In layman's terms, its there to decrease deflection one would say. So "every ounce" of energy would go into the road.

I'd like to put some more insight into this.

All frames, whether steel, aluminum or carbon have a certain elasticity to them. This contributes to the comfort and "liveliness" of the bike. If they didn't, one is better off riding a bicycle made of reinforced concrete. Try a century on that one! Ouch...

The external work done on an elastic member in deforming it is transformed into

*strain energy, or potential energy*. If the member is deflected or deformed by distance

**y**, this energy

**U**is equal to the product of the average force,

**F**and the deflection.

**U = F.y**

The above equation is general in the sense that F can also mean torque or moment.

Engineers would know where and how to find out formulas for F. This is gained through analysis of a bicycle bottom bracket. They draw free body diagrams, and pinpoint to the nature of the force(s), and the sites of loading.

But in general, when those engineers come out with equations for U, it is generally found that

U is inversely proportional to a product of modulus of elasticity, and some form of area (in cases of torsion, there is a polar moment of inertia term). This modulus, a number characteristic of the material under consideration, is what is known as "stiffness"in layman's terms.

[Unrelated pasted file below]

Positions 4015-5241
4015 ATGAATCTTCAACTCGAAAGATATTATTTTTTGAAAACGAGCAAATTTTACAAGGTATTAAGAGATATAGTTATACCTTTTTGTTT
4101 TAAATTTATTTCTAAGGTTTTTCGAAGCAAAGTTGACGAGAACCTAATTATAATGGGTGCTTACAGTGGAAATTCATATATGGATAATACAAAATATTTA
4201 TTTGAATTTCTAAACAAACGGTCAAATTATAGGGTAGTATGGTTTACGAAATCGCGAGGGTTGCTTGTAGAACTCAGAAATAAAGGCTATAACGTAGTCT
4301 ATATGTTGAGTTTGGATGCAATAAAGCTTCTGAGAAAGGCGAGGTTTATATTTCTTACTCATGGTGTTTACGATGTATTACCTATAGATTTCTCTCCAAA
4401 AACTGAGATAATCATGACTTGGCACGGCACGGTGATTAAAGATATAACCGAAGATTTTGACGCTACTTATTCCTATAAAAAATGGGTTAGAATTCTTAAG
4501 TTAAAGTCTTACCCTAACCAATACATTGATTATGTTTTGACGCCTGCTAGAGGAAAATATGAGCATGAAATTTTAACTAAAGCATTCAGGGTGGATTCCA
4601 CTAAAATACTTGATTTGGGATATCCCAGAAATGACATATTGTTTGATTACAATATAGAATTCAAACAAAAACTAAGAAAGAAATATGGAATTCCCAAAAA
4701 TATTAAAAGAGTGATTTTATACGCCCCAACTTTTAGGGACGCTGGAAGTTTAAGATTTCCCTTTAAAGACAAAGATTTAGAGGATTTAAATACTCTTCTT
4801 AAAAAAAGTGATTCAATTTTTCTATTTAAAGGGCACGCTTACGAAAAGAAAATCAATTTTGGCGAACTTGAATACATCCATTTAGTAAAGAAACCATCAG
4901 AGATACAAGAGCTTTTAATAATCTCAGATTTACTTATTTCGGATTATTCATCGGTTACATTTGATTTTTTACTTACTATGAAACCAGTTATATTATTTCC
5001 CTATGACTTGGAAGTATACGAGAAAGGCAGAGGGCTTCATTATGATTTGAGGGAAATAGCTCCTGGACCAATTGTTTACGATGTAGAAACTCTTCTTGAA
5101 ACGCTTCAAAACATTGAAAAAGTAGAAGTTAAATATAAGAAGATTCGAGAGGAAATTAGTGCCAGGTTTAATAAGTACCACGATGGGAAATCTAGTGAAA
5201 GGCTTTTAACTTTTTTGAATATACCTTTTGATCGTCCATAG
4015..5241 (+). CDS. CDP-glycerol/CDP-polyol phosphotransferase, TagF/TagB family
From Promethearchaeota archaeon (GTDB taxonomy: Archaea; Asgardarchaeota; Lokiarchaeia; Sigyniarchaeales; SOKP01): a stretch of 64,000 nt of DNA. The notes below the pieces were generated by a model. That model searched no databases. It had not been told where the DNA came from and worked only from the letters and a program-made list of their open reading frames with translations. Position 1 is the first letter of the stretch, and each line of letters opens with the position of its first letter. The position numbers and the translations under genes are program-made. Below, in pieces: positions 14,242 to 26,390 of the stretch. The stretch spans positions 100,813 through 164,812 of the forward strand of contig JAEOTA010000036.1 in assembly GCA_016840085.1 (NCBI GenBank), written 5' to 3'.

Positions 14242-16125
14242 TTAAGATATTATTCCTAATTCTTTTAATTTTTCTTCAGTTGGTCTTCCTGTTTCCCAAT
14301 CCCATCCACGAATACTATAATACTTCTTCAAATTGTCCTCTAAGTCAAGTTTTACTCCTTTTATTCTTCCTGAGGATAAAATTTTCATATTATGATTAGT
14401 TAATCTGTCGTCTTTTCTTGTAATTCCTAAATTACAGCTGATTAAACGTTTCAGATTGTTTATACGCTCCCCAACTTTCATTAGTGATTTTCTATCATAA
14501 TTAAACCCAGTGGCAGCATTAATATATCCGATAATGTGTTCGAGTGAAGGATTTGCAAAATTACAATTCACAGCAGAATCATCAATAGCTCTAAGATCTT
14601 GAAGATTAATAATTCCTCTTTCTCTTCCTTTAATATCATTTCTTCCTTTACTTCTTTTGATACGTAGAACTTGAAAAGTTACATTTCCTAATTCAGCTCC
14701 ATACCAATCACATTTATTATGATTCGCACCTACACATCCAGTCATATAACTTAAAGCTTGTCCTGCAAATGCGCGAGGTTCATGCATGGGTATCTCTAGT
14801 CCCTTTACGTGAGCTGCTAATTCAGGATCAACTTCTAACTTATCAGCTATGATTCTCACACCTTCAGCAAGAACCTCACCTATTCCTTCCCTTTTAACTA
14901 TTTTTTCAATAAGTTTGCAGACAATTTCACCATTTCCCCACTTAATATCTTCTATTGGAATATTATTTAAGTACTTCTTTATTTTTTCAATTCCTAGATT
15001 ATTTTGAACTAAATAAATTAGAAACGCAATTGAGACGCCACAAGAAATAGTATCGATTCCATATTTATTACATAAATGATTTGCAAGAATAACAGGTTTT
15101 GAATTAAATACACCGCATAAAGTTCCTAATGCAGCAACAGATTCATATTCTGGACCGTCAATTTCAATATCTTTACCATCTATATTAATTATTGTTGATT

So, if 1 is inversely proportional to 2 (just to make things simple), a greater amount of 2 will lead to a lesser amount of 1.

Or, the development of high stress in the bottom bracket area of a bicycle with low modulus of elasticity and a low area or volume leads to a higher amount of strain energy storage. Do the opposite, and you have lesser strain energy storage.

Conservation of energy has it that

**energy created = energy destroyed**. So this stored energy has to be released in some way when the loading is taken off. Some folks say all of that energy goes the drivetrain. Some say the frame springs back to its initial position. Others don't defend that theory and say most of it is converted to reactions in the muscles and heat and what not. These are the same ones who will complain about wet noodle like bottom brackets, and attribute to it losses of (outrageous!) 2-3 mph on their favorite climbs.

But the bottomline is, why do you want to bother yourself with all that if you can make a beefier, and stiffer bottom bracket through good design and appropriate material selection? The bottom bracket is then a more rigid point for pedal force delivery, and so, every "ounce" of energy can appropriately go to the tarmac.

Cool?

Interestingly, what bike companies don't tell you is that these numbers are very small. C'mon, we all know Keirin racers still use "flexy" steel and Merckx won most of his campaigns on the age old metal as well.

Hence, someone is making money off you. Otherwise they'd shut down and there'd be nothing new in the area of racing bicycles.

## 2 comments:

The new Madone highligts the 90mm bottom bracket. I guess they think they have it figured out.

It does make you wonder how many improvements can be made. Sure the car may drive itself one day... but we'll always push the pedals.

Merry Christmas! Donald The Daily Draft

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